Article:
Fourth Week of the 2018 WV Legislative Session
Easy Action for Clean Water
Each week of the legislative session, we send you a digest of the latest water policy news and actions you can take.
At the top of each e-news, you’ll find the easy action of the week, it only takes a few minutes and it is the most urgent call to action. This week, we’re asking you to contact Senate President Carmichael and House Speaker Armstead and request that the recommendations of the Public Water System Supply Study Commission (PWSSSC) be considered by members of the Legislature.
Easy Action: Click here to send a letter to Senate President Carmichael and House Speaker Armstead.
Recommendations to Protect Public Drinking Water Ready for Legislative Consideration
In January, West Virginia Rivers and partners delivered a letter to Senate President Carmichael and House Speaker Armstead requesting that the 2017 recommendations of the Public Water System Supply Study Commission (PWSSSC) be considered by members of the Legislature.
West Virginia Rivers Coalition serves on the PWSSSC, which was formed in the wake of the 2014 Freedom Industries chemical leak into the Elk River. The Commission provides yearly recommendations to improve the safety and security of West Virginia’s public drinking water supplies.
Help make sure the important recommendations of the PWSSSC are heard by the West Virginia Legislature! Please send a letter to Senate President Mitch Carmichael, and House Speaker Tim Armstead, requesting that the 2017 recommendations of the PWSSSC are given full discussion and consideration. Send a letter here.
Success in Improving Bad Water Bill — SB290
A revised version of SB290, making changes to water quality standards and pollution limits, passed out of its final Senate committee on Tuesday. We are glad to report WV Rivers was involved in improving the bill from its original form and had the opportunity to testify before the Senate Judiciary Committee.
The hard work is ahead of us if this bill becomes law. The bill will require rule-making to implement new pollution limits that take into account the pollution coming into an industrial facility in order to determine how much pollution that facility is allowed to discharge. It will also require the DEP to develop guidance on determining effectiveness of practices to control polluted run-off from industrial sites. We’ll need to activate our experts, and you, in weighing in through the public rule-making process that will likely begin in the spring.
Delegates Attempt to Restore Protections in Surface Mining Rule
Late last week, Delegates Barbara Fleischauer and Mike Pushkin led the charge to restore language stripped out by the Senate in the Surface Mining Rule. Their amendment in the House Judiciary Committee would have helped assure that coal companies could not be released from their clean-up responsibilities until water quality standards were met.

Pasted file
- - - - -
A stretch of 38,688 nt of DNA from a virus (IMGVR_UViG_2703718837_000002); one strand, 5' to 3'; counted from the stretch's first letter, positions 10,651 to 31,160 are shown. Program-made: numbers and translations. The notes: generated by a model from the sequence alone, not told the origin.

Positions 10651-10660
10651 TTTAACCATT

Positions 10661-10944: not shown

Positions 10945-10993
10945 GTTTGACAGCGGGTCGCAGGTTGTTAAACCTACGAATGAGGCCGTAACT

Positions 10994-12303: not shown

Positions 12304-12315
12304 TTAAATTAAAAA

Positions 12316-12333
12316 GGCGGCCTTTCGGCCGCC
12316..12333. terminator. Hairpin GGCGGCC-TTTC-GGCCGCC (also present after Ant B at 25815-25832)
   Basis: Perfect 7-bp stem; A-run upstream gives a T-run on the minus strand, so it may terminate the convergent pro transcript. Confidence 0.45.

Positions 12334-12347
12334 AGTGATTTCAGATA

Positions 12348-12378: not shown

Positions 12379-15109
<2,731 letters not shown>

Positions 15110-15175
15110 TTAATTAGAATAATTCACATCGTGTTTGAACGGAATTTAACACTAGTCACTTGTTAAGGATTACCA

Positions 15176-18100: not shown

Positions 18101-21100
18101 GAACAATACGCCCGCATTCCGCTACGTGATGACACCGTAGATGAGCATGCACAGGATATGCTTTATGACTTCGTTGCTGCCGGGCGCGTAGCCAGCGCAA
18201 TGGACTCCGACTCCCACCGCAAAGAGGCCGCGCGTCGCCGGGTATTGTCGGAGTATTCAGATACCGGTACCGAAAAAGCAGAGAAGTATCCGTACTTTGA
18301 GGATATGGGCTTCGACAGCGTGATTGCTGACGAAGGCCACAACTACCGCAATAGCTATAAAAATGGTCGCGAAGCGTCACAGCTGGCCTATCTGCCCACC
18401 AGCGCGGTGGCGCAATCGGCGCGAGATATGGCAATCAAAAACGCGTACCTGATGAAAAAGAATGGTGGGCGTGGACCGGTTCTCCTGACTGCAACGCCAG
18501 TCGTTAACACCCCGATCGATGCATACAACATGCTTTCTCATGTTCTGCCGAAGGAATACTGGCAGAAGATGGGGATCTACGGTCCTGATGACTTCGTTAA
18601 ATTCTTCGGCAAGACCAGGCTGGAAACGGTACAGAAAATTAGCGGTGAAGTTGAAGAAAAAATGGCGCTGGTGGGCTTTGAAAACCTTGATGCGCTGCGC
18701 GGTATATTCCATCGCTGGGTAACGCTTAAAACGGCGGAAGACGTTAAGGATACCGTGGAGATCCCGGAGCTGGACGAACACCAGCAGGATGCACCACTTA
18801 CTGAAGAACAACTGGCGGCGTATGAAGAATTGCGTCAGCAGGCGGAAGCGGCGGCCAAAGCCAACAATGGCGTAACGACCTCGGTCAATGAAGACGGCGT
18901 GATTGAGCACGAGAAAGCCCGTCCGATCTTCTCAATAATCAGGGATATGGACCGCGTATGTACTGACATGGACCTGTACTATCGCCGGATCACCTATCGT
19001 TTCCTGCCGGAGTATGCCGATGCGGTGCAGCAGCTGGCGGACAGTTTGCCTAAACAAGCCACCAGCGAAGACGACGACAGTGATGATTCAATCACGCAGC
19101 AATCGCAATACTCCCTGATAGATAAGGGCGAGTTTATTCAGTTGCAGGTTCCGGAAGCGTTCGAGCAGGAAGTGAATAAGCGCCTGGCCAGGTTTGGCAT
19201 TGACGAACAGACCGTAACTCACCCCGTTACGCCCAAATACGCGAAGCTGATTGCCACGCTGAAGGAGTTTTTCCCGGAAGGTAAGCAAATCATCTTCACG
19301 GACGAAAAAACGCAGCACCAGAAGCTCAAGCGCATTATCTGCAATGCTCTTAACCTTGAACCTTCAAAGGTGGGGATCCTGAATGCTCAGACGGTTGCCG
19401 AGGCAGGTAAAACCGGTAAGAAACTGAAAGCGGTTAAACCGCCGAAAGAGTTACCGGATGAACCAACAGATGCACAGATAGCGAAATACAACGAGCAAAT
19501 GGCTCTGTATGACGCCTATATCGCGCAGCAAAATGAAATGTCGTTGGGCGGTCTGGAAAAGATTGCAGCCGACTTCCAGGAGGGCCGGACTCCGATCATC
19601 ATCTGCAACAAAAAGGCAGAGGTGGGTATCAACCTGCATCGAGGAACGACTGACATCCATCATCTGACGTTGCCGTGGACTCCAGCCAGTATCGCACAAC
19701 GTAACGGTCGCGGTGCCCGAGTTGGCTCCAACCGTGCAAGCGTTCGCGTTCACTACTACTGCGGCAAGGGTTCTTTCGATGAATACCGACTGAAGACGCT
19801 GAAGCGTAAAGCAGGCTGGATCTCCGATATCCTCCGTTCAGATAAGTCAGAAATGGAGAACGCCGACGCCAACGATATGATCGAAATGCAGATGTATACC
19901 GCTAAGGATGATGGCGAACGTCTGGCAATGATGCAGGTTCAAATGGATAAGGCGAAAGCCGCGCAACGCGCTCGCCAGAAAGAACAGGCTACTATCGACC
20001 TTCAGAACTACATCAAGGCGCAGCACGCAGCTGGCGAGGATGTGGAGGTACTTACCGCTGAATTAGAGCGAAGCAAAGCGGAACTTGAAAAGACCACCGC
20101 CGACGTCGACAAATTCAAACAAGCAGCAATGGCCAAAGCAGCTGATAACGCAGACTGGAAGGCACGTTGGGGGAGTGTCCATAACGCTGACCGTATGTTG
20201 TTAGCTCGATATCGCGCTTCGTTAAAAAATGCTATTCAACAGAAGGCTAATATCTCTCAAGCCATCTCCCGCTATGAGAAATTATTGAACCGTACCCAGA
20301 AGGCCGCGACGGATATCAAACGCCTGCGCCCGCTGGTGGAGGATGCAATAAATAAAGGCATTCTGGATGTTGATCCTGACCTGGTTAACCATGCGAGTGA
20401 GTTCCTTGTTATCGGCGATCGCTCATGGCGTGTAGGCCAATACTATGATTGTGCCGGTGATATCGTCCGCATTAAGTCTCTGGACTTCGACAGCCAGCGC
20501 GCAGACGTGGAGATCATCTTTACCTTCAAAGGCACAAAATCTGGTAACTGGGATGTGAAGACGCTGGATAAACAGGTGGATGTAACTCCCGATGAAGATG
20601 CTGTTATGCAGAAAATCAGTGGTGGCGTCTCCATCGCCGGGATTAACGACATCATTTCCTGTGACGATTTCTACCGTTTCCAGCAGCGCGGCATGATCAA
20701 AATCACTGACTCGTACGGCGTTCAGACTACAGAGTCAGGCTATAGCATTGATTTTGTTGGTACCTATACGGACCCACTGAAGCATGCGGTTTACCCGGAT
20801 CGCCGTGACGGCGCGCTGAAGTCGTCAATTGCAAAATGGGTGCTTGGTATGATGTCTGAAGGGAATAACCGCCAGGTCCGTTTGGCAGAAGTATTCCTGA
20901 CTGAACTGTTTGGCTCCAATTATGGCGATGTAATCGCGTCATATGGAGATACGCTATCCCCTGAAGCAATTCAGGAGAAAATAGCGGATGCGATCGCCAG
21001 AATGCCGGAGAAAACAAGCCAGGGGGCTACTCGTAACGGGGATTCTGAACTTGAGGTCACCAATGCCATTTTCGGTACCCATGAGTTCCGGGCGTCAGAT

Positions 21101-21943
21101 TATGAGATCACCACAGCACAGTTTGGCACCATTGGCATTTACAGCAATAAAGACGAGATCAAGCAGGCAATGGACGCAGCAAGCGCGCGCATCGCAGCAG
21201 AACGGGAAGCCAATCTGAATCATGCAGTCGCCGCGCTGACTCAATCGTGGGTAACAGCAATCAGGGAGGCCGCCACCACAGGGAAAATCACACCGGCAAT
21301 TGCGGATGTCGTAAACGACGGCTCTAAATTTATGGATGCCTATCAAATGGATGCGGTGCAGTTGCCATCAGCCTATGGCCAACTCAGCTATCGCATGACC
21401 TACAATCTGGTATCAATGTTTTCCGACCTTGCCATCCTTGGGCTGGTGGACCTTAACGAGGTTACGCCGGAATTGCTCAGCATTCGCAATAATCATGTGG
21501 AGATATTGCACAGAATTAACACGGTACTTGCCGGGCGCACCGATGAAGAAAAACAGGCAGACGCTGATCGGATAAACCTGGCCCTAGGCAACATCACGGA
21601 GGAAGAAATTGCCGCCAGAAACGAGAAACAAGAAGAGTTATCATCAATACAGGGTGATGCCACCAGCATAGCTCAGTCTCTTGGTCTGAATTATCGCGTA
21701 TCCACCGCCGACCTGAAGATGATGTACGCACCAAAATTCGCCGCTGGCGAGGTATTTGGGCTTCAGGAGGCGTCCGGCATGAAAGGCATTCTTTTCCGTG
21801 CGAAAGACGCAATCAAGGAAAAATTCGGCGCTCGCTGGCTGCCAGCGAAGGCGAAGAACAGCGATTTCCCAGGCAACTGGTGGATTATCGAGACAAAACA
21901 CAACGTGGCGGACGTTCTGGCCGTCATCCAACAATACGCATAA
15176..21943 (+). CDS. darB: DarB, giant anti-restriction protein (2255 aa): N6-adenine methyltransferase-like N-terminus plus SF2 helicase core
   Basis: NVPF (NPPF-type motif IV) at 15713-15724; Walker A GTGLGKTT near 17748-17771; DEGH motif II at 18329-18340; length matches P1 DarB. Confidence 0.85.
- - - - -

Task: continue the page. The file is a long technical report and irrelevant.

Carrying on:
During the amendment debate, our expert answered technical questions and made it clear that the bill, as-is, would put the state at a greater risk for coal companies to pass off the long-term clean-up costs to taxpayers. Even with this knowledge, the committee voted down the amendment on voice vote. If this bill passes, there will be open questions about the legality of the changes it makes in relation to federal laws.
Tracking Water Policy
SB270/HB4182: Your calls and letters to legislators are working! Public pressure has kept the bills that would allow commercial logging in state parks off the agenda in both chambers of the legislature. Our partner, the West Virginia Environmental Council, has requested a public hearing on the House version of the bill. The public hearing could be scheduled with very little notice – watch WV Rivers’ Facebook page for public hearing announcements and other urgent calls to action! Find WV Rivers on Facebook here.
SB410: The bill that would establish a new position within the WV Department of Environmental Protection, the industry advocate, just appeared on Senate Energy, Industry and Mining Committee’s Thursday agenda. We’ll let you know what happens in this first step for the bill and opportunities to make your voice heard.
HB2909: Introduced to the House Government Organization Committee, HB2909 would abolish the office of the environmental advocate within WVDEP. Last year, with your help, we were able to keep a similar bill from advancing. HB2909 has yet to appear on the committee agenda, but we’ll let you know if anything changes.